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FENNO: Redskins’ special teams not so special
ARLINGTON, Texas -- Darrel Young stood in a corner of the locker room underneath AT&T Stadium that reeked of sweat, stale air and defeat. Every few seconds, he slapped the side of his navy suit for emphasis because the words, really, didn't seem adequate to describe the Redskins not-so-special teams.
"It's a failure," he said. "It's an F."
The depth of that failure had been obscured by the season's miserable start. Amid the litany of other problems and breakdowns and questions without easy answers, from Robert Griffin III's all-consuming knee to a catalogue of defensive foibles, that pesky third phase of the game slipped into the background.
Until Sunday night.
In front of a national television audience against the Cowboys, the long-winded promises of extra work and improvement turned into a 60-minute demonstration of how not to play special teams.
The festering sore finally became impossible to ignore.
Not after five -- yes, five -- penalties by the group in the 31-16 loss. The mistakes were so total, so thorough that even first-year special teams coach Keith Burns couldn't stay out of the way. He drew a 15-yard unsportsmanlike conduct flag for colliding with an official during Dwayne Harris' 86-yard punt return for a touchdown in the second quarter.
Yes, Harris. The Cowboys return man turned full-time Redskins tormentor touched the ball four times. Those jaunts through flailing tacklers and gaping holes accounted for 222 yards.
On the play before the second-quarter punt return, an illegal alignment penalty on the Redskins wiped out a punt downed at the 15-yard line. That gift-wrapped another opportunity for Harris, who promptly jolted down the field in front of the Redskins sideline and Burns' inadvertent tackling effort. Special teams stalwart Bryan Kehl felt something pop in his knee on the play. Maybe he would've pulled Harris down. The long return's insult led, quite literally, to injury.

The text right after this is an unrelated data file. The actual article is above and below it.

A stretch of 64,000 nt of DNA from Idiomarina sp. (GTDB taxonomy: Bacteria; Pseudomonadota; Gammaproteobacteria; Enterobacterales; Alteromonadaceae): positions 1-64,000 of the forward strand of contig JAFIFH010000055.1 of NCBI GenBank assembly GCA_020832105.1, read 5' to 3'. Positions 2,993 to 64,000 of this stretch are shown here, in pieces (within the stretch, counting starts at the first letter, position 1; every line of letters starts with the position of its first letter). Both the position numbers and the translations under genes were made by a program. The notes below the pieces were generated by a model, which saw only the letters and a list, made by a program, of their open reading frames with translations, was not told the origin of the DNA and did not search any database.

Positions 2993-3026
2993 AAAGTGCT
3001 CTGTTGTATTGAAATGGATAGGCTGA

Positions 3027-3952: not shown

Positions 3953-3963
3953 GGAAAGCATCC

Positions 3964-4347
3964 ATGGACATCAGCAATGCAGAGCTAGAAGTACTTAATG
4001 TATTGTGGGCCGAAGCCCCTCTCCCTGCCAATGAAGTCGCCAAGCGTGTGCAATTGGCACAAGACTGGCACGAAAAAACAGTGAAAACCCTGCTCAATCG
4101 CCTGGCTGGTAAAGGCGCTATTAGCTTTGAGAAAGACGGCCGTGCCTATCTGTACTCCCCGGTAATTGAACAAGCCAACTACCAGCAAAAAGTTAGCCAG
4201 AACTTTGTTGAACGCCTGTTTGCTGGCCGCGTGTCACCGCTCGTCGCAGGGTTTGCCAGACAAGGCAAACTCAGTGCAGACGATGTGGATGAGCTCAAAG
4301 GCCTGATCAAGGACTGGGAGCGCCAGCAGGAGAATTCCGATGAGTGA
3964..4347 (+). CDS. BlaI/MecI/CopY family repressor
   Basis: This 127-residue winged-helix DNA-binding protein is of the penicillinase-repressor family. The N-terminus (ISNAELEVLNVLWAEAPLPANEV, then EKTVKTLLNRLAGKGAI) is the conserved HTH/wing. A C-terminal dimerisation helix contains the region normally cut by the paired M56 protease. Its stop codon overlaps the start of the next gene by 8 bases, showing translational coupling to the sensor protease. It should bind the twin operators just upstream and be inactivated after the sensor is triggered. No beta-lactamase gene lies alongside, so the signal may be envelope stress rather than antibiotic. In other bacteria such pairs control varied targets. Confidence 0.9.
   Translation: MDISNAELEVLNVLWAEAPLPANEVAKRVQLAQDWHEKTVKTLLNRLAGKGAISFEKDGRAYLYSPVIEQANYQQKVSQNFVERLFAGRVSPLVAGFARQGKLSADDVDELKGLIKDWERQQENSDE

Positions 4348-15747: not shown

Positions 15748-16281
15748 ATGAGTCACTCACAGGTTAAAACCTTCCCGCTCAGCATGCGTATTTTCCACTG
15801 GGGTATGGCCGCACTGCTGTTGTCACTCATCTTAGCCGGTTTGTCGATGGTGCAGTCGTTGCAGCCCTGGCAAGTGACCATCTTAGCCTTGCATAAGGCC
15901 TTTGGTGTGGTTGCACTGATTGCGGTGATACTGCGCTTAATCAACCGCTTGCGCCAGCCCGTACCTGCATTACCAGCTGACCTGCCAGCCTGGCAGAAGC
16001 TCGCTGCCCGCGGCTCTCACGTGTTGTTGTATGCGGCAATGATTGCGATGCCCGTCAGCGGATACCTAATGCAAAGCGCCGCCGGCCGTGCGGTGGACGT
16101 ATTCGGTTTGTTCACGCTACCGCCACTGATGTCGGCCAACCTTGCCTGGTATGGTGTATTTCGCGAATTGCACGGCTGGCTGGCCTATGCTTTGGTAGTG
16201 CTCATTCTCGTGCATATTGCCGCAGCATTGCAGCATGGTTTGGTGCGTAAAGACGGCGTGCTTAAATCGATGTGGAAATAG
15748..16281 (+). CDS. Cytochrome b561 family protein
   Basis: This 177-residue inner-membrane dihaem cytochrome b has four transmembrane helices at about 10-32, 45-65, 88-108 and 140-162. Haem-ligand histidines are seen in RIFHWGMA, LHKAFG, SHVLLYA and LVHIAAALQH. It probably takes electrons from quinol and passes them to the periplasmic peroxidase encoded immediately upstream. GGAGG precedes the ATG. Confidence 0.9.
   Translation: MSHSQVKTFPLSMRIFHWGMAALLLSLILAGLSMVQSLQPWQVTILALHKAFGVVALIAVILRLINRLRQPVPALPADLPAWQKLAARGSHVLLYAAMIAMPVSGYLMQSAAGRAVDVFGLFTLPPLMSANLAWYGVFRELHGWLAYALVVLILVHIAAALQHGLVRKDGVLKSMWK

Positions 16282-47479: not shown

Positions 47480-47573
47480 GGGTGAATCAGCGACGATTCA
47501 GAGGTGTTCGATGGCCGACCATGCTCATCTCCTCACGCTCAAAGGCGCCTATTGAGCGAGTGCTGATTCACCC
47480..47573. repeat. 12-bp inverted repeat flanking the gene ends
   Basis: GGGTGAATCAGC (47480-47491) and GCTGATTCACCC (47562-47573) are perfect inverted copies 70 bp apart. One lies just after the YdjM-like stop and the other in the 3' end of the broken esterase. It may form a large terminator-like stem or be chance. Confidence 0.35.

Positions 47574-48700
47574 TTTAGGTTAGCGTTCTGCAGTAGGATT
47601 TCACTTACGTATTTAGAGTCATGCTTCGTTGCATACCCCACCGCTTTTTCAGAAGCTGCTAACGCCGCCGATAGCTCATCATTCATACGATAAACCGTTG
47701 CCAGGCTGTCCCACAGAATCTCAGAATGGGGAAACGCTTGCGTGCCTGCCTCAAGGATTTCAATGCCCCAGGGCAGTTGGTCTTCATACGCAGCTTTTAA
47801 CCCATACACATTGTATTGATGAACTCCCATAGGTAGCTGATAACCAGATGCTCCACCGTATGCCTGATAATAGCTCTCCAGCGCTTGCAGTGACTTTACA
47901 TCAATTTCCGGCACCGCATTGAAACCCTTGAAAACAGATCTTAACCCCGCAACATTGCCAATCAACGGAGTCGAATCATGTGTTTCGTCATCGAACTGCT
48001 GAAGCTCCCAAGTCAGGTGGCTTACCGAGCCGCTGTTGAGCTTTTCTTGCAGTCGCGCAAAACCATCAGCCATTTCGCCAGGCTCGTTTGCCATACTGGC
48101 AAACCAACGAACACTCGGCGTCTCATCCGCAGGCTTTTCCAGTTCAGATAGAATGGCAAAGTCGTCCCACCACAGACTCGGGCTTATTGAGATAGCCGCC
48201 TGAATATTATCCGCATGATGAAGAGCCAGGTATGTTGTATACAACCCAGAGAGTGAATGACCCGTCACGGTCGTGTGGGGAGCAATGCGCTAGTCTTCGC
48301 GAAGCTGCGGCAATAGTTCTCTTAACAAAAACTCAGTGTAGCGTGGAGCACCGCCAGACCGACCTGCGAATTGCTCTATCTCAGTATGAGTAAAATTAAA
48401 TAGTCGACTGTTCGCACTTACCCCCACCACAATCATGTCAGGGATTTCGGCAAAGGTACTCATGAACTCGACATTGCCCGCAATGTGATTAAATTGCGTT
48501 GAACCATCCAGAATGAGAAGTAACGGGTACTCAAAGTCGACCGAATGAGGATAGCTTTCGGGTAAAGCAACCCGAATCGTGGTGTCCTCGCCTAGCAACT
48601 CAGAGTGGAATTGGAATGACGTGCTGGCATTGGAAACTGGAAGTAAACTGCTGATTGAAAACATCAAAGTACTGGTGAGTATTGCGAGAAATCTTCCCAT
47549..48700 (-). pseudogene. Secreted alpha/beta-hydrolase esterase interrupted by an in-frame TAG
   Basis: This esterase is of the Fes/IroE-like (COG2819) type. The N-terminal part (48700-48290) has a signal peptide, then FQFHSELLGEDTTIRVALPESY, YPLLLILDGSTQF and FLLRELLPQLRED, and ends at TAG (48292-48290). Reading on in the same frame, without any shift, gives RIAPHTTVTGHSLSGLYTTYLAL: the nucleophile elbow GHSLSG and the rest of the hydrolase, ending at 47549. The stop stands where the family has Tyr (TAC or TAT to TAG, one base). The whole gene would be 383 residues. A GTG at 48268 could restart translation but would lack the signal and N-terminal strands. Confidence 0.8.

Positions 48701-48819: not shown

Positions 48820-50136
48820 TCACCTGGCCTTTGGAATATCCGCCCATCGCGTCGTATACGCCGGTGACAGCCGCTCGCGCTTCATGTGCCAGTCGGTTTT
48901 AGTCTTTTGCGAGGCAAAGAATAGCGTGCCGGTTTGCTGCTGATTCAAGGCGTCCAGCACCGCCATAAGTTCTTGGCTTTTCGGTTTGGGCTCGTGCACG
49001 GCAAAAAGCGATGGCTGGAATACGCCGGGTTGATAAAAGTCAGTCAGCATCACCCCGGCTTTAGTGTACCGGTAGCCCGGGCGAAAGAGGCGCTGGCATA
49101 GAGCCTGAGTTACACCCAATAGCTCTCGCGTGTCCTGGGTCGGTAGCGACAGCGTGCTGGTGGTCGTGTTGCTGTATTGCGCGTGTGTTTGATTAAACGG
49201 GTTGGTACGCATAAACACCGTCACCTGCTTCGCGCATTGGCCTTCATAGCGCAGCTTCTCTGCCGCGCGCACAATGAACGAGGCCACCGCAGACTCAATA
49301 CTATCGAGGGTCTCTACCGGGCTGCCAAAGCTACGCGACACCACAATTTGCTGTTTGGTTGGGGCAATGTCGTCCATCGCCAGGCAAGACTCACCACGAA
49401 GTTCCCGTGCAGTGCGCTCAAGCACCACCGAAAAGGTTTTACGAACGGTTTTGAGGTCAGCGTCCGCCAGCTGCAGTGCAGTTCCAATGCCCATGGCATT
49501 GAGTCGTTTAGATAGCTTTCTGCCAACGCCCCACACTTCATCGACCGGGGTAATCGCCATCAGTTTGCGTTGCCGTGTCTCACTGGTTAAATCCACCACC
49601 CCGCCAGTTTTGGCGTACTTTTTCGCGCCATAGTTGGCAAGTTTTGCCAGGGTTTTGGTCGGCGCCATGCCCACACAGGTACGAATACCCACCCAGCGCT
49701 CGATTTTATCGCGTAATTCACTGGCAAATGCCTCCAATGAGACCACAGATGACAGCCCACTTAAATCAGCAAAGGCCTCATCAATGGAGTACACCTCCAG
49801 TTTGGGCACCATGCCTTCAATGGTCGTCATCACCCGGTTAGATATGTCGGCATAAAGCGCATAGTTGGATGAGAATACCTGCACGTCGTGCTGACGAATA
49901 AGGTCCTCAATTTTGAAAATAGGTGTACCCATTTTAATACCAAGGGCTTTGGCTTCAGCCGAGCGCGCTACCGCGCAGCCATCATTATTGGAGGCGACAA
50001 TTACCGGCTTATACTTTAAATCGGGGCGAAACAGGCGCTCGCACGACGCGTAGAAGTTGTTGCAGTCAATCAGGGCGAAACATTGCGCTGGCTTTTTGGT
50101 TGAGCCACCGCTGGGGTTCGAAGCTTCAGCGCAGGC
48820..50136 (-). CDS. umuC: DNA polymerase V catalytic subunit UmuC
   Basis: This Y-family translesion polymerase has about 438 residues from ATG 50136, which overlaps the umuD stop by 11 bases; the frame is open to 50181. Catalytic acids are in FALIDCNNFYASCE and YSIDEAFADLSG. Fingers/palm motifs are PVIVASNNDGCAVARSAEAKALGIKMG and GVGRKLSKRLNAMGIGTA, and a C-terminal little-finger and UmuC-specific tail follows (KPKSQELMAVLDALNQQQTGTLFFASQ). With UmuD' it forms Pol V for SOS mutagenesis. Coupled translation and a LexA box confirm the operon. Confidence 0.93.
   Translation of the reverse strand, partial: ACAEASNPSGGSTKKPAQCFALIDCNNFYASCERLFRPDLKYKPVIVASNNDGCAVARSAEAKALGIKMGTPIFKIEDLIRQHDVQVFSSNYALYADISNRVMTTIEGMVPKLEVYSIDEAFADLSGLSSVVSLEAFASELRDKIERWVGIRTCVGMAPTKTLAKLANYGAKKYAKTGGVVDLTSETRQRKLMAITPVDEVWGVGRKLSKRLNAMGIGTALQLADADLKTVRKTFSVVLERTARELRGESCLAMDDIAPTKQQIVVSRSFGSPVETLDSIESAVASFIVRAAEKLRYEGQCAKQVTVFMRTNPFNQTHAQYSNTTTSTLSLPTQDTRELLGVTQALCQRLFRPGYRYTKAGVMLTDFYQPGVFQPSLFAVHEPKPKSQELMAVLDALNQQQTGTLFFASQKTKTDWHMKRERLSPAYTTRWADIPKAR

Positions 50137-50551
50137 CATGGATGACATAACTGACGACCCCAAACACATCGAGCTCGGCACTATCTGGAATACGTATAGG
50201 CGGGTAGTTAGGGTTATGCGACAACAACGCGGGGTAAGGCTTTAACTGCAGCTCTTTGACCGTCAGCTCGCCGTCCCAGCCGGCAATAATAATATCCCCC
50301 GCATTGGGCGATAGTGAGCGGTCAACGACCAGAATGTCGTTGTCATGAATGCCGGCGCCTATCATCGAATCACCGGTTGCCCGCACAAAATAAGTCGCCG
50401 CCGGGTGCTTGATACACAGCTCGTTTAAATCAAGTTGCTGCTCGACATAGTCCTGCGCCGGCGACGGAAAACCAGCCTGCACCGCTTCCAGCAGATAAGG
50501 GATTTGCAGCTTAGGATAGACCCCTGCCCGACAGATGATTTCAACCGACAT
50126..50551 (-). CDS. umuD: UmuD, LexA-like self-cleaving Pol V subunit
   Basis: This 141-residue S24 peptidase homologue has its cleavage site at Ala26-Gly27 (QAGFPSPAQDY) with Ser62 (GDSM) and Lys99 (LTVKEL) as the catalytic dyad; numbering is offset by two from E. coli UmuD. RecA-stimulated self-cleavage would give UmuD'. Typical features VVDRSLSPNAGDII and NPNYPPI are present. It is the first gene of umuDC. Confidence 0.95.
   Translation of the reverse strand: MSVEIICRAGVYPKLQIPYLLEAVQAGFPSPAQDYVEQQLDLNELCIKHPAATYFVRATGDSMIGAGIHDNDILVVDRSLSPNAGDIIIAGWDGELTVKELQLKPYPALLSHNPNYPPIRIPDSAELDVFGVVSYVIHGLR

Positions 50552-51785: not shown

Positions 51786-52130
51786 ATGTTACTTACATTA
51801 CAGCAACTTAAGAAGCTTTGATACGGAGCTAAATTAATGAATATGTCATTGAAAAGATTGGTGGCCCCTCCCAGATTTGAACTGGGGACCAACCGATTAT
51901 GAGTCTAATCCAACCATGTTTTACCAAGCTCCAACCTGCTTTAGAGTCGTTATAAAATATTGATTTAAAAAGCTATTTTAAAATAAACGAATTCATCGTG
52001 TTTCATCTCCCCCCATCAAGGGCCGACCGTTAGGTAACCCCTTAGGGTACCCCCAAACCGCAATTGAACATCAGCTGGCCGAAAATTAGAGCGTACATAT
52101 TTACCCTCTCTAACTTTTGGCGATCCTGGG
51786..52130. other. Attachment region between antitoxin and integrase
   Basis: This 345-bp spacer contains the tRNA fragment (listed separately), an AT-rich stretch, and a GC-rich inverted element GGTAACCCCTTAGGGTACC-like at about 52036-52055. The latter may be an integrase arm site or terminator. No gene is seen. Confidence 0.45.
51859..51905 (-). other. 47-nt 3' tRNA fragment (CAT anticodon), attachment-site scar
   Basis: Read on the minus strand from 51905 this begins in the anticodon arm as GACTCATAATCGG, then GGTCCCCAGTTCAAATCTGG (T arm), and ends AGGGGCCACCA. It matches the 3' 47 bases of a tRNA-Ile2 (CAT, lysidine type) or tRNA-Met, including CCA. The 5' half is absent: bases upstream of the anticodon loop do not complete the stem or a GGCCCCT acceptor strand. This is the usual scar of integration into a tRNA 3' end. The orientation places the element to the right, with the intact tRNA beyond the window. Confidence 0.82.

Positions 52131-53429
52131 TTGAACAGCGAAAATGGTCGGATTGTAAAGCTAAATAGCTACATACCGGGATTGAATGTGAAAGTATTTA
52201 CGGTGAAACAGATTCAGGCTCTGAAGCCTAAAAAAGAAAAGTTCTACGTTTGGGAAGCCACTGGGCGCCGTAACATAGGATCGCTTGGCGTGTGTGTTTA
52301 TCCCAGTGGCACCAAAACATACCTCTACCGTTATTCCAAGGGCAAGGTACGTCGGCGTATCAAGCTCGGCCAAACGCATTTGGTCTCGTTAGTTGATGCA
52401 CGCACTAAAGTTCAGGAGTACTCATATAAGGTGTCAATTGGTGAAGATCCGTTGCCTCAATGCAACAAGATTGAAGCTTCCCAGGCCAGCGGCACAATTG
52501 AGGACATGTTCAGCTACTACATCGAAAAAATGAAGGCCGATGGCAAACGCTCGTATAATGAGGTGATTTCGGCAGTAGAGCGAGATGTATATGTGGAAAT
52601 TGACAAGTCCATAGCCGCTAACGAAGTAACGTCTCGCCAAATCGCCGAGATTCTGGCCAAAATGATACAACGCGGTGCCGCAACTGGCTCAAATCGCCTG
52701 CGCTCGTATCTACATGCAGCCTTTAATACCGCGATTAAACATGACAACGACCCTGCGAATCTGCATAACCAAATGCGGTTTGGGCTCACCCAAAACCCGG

There weren't answers. Not easy ones, at least, amid the rubble of the locker room of a team that sank to 1-4. Not a schematic breakdown to fix or a personnel change to make. Perhaps that's the most unsettling part, how basic the beat-up group's problems really are.
Young searched aloud for the answer, as if he hoped to stumble upon the solution amid the wads of used-up training tape and duffel bags spilling gear onto the carpet and red numbers on a wall clock ticking down the minutes left in the locker room. The group has been bedraggled by head-scratching penalties this season, brushes with disaster or, in the case of the blocked punt against the Raiders, full-on encounters with the worst-case scenario.
"We spend enough time practicing," Young said. "We do the little things right. I guess we're just not executing."
A few minutes later: "This just sucks, man" and "It's embarrassing to us" and "I played terrible."
The problems were methodical. Consistent. Almost expected. No penalties on a return seemed a perverse moral victory. Those returns never amounted to much for the Redskins, continuing the season's impotent theme.
The days of much-maligned ex-special teams coach Danny Smith -- remember him? -- who took a job with the Steelers during the offseason seemed downright competitive compared to this.
Leaving struggling rookie returner Chris Thompson inactive Sunday didn't help. Neither did sending veteran Josh Morgan back to return the first punts of his professional career.
All the shuffling added up to seven kickoff and punt returns by the Redskins for 46 measly yards.
"It's such a different phase of football than offense and defense," Kehl said. "It's just such a hodgepodge. This guy's there. This guy's here. It's a free for all, almost, and when something big like that happens it's not as cut and dried. ... It's just wanting it more than the guy across from you. That's probably what we're lacking most is the effort part of it."
Harris added a 90-yard kickoff return in the third quarter, sprung free as rookie David Amerson absorbed an enormous hit that forced him out of the game with a concussion. E.J. Biggers ran him down to save a touchdown, an admirable moment of hustle, then, later in the quarter, drew a flag for holding on a punt return that didn't gain one yard.
That's the story of the failed night that will turn into the story of the wobbling season if a solution isn't found.
"We lost this game on special teams," Young said. "It's not what (Tony) Romo or Robert did. We didn't set our offense up. We didn't set our defense up. We didn't do anything right.
"We found the enemy. It's us."
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About the Author
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